Lawsuits Challenge Highway-Widening Through Ancient Redwoods

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Posted: Tuesday, November 7, 2017 6:23 pm

SAN FRANCISCO, Calif. -- Environmental groups and local residents again sued the California Department of Transportation for approving a highway-widening project that would needlessly damage or destroy thousand-year-old redwood trees in California’s iconic Richardson Grove State Park along Highway 101 in Humboldt County.

This is the fifth legal challenge to Caltrans’ approval of the controversial "Richardson Grove Operational Improvement Project." The project would damage the roots of more than 100 of Richardson Grove’s ancient redwoods, including trees up to 3,000 years old, 18' in diameter and 300' tall. Caltrans has pursued this project solely to incrementally improve passage for oversized commercial trucks, and continues to rely on inadequate environmental review.

The latest lawsuit challenges Caltrans’ violations of the National Environmental Policy Act, due to inadequate evaluation of the environmental impacts of cutting into tree roots, and the Transportation Act, which requires highway projects with federal funding to minimize harm to natural resources in state parks.

The lawsuit was filed yesterday filed in the U.S. District Court for the Northern District of California by the Center for Biological Diversity, Environmental Protection Information Center, Friends of Del Norte, Californians for Alternatives to Toxics, and longtime local residents Bess Bair, Trisha Lee Lotus, Jeffrey Hedin and David Spreen.

Previous legal challenges had blocked construction and forced Caltrans to rescind all project approvals in 2014. The agency quietly reapproved the project in May 2017. Caltrans claims it has made significant changes but still intends to cut into tree roots, a procedure that would threaten the stability and viability of old-growth redwoods. The conservation groups also filed suit challenging the new approval in state court in June.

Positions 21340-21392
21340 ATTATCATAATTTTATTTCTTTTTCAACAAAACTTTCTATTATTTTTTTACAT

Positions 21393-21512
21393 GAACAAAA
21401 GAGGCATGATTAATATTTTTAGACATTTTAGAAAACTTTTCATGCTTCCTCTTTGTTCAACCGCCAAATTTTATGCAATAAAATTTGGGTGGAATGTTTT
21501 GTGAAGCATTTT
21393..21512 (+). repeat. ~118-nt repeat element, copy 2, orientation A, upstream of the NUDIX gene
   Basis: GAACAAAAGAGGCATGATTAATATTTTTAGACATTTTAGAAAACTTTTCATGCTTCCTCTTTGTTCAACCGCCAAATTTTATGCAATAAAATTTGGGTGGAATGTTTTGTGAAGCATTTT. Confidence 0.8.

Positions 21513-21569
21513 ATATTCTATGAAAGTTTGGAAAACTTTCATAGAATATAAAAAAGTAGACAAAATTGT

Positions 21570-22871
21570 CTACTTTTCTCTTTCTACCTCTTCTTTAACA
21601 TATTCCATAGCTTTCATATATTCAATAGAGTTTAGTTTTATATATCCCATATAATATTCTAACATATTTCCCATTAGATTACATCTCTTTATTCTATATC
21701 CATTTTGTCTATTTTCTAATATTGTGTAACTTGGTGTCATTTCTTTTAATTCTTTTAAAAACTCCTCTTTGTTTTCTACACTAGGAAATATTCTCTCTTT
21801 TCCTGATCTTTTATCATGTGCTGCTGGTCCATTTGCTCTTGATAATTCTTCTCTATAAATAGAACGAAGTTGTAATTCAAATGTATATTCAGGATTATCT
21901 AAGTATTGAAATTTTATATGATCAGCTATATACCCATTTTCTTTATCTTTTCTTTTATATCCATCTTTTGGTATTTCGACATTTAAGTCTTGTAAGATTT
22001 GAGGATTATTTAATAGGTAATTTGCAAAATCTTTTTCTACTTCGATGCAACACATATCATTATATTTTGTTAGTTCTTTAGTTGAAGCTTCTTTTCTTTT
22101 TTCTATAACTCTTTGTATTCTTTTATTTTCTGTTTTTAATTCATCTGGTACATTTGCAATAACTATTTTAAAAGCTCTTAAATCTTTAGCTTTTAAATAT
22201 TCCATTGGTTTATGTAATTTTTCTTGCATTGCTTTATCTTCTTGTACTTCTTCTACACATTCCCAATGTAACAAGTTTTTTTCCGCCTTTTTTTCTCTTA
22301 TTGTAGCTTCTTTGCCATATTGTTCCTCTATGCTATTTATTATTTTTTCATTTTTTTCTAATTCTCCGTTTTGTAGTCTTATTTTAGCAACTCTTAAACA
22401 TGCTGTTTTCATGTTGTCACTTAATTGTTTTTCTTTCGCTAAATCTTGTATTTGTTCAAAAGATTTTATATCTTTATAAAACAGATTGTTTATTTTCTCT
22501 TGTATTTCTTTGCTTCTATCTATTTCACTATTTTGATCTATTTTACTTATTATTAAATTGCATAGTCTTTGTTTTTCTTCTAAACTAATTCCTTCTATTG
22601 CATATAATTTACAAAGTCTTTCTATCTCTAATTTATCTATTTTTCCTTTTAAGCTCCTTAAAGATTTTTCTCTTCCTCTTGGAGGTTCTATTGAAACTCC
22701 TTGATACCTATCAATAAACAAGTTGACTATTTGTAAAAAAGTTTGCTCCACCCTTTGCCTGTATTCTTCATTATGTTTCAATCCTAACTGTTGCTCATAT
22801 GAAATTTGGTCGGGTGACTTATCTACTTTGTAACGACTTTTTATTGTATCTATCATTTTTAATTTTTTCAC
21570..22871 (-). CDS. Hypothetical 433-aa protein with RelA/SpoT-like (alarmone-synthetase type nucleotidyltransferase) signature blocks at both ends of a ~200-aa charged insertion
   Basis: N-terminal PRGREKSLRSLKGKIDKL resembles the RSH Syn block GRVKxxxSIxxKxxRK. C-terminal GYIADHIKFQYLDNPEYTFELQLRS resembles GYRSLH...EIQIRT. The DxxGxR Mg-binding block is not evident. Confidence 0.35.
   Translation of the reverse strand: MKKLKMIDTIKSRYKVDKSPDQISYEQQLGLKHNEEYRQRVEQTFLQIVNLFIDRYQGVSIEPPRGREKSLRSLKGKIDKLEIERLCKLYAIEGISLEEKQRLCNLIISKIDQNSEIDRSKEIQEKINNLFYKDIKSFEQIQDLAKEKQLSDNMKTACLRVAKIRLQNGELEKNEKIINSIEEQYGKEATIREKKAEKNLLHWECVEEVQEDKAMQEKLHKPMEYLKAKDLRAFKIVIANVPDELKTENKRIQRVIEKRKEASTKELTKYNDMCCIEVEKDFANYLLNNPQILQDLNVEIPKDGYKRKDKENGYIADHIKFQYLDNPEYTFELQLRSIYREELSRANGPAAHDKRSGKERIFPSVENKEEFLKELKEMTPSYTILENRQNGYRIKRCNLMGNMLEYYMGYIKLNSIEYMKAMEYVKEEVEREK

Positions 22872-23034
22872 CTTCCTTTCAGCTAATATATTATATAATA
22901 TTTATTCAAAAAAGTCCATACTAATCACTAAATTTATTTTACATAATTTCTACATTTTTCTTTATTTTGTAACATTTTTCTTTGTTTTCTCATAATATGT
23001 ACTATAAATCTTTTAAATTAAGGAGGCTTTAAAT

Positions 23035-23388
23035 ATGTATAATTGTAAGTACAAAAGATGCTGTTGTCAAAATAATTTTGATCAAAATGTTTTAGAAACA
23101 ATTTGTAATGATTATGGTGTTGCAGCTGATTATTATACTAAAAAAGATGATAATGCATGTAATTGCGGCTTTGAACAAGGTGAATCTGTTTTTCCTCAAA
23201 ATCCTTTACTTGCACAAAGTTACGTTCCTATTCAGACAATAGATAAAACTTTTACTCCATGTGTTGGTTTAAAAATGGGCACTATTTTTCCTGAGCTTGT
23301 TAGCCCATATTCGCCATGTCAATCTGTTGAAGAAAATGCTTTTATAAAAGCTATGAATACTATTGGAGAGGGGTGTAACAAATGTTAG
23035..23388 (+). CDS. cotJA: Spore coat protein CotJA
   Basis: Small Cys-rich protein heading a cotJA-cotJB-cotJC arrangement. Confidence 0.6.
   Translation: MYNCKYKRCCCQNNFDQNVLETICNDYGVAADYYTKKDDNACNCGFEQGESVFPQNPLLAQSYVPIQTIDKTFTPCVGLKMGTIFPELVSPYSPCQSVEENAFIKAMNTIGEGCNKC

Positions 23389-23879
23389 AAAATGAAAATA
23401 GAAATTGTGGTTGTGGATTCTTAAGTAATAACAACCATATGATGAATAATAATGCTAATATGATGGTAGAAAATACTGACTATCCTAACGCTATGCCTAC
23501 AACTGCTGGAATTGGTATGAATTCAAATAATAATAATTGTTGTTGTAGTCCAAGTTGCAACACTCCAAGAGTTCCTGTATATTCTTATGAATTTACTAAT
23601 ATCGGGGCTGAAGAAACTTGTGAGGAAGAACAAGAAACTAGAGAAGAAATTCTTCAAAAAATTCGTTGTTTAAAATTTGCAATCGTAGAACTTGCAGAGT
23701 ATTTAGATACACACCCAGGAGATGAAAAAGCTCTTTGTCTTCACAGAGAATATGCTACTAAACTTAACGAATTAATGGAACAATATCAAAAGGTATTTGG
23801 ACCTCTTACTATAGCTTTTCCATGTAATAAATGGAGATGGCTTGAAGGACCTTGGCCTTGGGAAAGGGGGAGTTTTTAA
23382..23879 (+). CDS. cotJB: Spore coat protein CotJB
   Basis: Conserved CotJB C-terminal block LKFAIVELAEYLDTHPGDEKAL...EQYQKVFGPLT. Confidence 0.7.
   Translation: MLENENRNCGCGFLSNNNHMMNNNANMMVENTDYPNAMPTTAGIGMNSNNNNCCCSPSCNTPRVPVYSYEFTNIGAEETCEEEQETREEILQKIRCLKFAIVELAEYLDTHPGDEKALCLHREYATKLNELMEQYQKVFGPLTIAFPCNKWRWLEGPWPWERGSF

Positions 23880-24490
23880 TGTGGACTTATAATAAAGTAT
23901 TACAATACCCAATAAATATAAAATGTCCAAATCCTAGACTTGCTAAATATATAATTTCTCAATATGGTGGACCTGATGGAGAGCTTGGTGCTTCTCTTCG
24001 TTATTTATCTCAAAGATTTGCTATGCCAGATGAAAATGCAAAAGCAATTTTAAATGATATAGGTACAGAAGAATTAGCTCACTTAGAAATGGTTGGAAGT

Richardson Grove State Park, where tourists often first encounter large redwoods when heading north on Highway 101, is home to one of the last protected stands of accessible old-growth redwood trees in the world. The park has essential habitat for threatened and endangered species such as the northern spotted owl, and its creeks support runs of imperiled salmon and steelhead trout.

Caltrans first proposed the project in 2007, claiming the widening is needed to accommodate large-truck travel. However, Highway 101 through Richardson Grove is already designated for larger trucks and does not have significant safety problems. The agency cannot demonstrate that the project is necessary for safety or would benefit the local economy.

The attorneys for the plaintiffs in this suit are Philip Gregory of Cotchett, Pitre & McCarthy LLP; Stuart Gross of Gross & Klein LLP; and Sharon Duggan, a staff attorney with EPIC and a long-time expert on environmental law.

SOURCE: Center for Biological Diversity

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